Magazine issues » December 2021

Roundtable: Singapore comes of age as an Asian ESG hub

Funds Global – Special purpose acquisition companies, or SPACs, have risen in prominence – particularly amongst relatively new companies as a way to go raise capital. What are the advantages and disadvantages of going public via the SPAC route and how can investors tap into these opportunities?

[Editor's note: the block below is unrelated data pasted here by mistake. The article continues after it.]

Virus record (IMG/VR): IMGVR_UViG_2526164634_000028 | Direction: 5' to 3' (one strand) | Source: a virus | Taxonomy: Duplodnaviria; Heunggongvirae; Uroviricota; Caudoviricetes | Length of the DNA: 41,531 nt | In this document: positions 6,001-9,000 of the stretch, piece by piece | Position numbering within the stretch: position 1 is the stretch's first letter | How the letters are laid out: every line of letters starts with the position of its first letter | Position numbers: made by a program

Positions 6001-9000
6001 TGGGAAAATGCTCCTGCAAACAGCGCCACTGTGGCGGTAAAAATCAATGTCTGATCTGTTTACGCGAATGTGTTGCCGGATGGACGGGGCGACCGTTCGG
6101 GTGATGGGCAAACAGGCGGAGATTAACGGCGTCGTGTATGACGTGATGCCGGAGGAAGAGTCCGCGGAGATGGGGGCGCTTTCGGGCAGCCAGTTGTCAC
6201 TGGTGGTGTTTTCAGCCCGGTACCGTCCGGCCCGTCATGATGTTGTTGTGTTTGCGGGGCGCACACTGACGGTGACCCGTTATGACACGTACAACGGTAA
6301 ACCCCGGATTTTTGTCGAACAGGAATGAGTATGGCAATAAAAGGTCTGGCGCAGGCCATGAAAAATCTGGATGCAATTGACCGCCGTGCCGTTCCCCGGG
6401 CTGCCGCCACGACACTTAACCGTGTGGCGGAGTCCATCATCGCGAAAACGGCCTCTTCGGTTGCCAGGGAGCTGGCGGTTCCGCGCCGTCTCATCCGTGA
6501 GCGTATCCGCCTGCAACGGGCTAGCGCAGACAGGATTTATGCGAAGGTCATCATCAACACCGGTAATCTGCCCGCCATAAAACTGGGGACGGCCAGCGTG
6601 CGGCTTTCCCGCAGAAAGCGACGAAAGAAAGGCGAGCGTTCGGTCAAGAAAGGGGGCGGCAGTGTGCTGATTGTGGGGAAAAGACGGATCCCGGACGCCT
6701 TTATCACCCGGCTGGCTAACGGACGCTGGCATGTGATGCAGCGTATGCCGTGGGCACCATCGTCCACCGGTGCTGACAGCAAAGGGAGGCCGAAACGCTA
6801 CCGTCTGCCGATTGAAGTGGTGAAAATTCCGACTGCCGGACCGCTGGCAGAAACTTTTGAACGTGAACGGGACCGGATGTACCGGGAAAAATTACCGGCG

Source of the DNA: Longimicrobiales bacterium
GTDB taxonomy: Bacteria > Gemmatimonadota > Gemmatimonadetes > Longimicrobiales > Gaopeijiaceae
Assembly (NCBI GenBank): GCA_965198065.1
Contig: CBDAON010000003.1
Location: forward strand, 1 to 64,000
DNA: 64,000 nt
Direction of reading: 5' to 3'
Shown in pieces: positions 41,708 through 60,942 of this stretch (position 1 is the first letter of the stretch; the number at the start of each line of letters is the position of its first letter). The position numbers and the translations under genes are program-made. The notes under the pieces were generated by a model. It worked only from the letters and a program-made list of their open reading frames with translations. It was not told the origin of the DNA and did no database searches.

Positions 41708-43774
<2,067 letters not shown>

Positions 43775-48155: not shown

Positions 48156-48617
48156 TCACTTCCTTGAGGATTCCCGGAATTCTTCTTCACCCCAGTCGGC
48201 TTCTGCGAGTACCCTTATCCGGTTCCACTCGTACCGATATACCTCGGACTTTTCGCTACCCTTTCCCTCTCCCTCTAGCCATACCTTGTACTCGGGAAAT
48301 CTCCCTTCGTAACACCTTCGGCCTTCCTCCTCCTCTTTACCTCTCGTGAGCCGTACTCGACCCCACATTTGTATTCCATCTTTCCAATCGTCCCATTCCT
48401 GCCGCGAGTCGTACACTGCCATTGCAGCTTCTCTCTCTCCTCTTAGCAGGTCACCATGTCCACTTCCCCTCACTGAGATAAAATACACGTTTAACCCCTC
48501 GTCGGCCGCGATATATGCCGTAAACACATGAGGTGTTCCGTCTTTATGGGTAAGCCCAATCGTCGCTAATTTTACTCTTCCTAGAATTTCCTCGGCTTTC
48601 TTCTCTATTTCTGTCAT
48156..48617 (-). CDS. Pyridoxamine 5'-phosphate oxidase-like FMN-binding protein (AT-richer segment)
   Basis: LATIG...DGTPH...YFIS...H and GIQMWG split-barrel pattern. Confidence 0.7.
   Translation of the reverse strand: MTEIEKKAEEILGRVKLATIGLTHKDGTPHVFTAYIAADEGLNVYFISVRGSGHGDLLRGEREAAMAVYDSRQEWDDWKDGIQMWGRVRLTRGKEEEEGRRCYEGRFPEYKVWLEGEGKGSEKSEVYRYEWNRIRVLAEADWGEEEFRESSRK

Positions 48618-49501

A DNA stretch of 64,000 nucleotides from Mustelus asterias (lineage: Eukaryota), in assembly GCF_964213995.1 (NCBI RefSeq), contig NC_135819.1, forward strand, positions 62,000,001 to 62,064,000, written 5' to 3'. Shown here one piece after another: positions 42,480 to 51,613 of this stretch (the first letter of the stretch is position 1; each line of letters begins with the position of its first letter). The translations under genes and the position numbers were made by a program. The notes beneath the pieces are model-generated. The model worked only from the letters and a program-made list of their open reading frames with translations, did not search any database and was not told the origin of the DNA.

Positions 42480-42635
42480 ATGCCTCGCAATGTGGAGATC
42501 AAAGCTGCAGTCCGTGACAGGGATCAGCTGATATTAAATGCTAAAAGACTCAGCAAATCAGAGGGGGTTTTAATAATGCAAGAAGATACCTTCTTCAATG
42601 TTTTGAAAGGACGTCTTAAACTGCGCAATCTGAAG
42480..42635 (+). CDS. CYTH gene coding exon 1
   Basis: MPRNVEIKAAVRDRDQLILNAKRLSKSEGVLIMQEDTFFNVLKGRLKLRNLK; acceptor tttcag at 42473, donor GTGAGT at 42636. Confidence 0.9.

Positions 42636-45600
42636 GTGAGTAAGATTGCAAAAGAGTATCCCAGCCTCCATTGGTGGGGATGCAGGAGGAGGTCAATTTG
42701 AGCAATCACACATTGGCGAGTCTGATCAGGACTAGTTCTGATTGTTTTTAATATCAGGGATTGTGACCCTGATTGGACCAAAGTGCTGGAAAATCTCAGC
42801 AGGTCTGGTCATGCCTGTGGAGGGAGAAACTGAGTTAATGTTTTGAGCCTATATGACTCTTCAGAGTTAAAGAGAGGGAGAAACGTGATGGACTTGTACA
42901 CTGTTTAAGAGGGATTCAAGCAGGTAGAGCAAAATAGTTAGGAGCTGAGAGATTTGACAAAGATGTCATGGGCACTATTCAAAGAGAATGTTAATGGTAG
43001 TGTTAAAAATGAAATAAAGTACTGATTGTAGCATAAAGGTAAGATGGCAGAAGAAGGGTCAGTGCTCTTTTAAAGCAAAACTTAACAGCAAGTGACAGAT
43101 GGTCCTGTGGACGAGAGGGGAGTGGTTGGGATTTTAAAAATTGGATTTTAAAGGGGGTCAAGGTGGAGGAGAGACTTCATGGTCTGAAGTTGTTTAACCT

Chhabra – To the extent that it’s directly relevant to our association members, which it isn’t entirely, SPACs is a topic that’s come up in a lot more conversations in this part of the world. Even when looking at our global capital market teams in the Apex businesses, they have been having these conversations much longer than we have had in this part of the world. Looking at SPACs itself and the conversations, faster execution than an IPO [initial public offering] is of much appeal – I think that’s the first thing that would come to mind. Whereas a SPAC merger usually operates on a three- to six-month timeframe, an IPO would probably take three times that. A lot of conversations again where there’s excitement around SPACs is on the possibility of raising additional capital, so SPAC sponsors will raise a pipe or debt funding in addition to the original capital to not only fund the transaction, but also contribute to growth for the combined company. So, this backstop debt and equity is intended to ensure a completed transaction, even if you have some of your initial investors redeem their shares. With some of the audience that we deal and speak with, the lower cost of marketing again is a significant advantage from a SPAC perspective, so you don’t need to do that much to generate interest from investors – that appears to happen much more easily with SPACs. Access to operational expertise would be the last one that I can think of which would be the SPAC sponsors, and again in Asia that expertise is very, very key. Often price discovery from a SPAC perspective is another key feature, so an IPO price depends on market conditions, depends on time of listing, whereas for a SPAC, you can negotiate the pricing with the SPAC before the transaction closes. So, yes, I think of these as initial points that come to mind. Singapore has earlier this month become the first major Asian exchange to approve a SPAC framework for listing IPOs. Maybe a little bit of a plug, but I would probably leave that with Mark to cover from a Singapore Funds Industry Group (SFIG) perspective, since both of us also work together co-chairing the Promotion & Advocacy Working Group within the SFIG. Voumard – SPACs have been around for 31 years, so they’re not new, but obviously are much more active in the US. Last year they raised about US$80 billion globally. While there are legitimate concerns about a possible SPAC bubble with sponsors being unqualified and so on, the Singapore Exchange (SGX) has become the first major Asian exchange to allow SPACs. SGX took a deliberate, calibrated and consultative approach, which is common in Singapore. They launched a consultation paper in March this year – there were over 80 respondents, including financial institutions, investment banks, private equity and venture capital firms providing feedback – and on the back of that, they have implemented a number of rules and a very detailed due diligence process on sponsors, as well as having a minimum size of SG$150 million per size of the SPAC, and lots of additional safeguards. They’re designed to protect the investors, designed to make sure that sponsors’ money is locked up, designed to make sure the valuations are not over the top and designed to essentially protect investors. But for SGX, it’s a first-mover milestone and they’re the first major exchange in Asia to essentially approve that. Leong – I spoke to the SGX a week before MAS approved that framework, and I asked them why SGX is looking to do this. One of the key pieces of feedback I got was that Asian companies, when they look to list to a SPAC, they go to the US market primarily, and the sponsors are in Asia. If the companies are all set in Singapore, why do they have to go across the globe to the US to go and list? One reason is liquidity. Within Asia, institutional players tend to choose Hong Kong over Singapore, so this new offering will indeed provide additional options to the public that will be appealing. To understand the whole SPAC process, the traditional IPO process costs money and takes longer to apply for it, and that doesn’t guarantee you that you’re going to get listed at the end of that year and a half. When you list through a SPAC, or rather you call it de-SPAC transaction, it provides more certainty and it’s a quicker path to be in a public market. There’s flexibility of deal terms, there’s more certainty in terms of the deal, there’s a high deal certainty, so because a SPAC is essentially always going to be a public company, it’s a public company. So, when it looks for a target company and becomes a public company immediately upon closing of the de-SPAC, it already reduces the risk and the uncertainty that you might see through a traditional IPO process. So, there’s a high deal certainty, that’s the other advantage. Pillai – Mark, Jimmy and Ashmita have listed a range of advantages for companies, but how do those advantages impact investors? They’ve talked about IPOs and companies being able to obtain a better price; so, how does that impact on investors? There’s a lot of liquidity around and that’s facilitated the growth or the expansion of SPACs, but from our perspective, it’s less clear this is meaningfully benefiting investors. We can see the benefits for companies, but as an investor, you’ve got major uncertainty, funding a blank cheque company with little control over the quality of the investment that is going to be made, and that uncertainty means you’ve got a very wide range of financial outcomes. Typically, when you think about investing, one of the first areas of guidance is diversification, and typically, the riskier an individual asset is, the more you want to be diversified in that asset class. So, you want to hold more individual high yield bonds than you want to hold government bonds. You can be pretty safe lending to your treasury, but you don’t want to only pick one high yield bond to go and invest in unless you’ve got a whole heap of knowledge and a whole heap of conviction. So, investing in a small number of SPACs, this comes with pitfalls for the investor. I don’t disagree with some of the benefits that companies have, but I do say that investors need to be cautious in terms of how they add SPACs to their portfolio. ©2021 funds global asia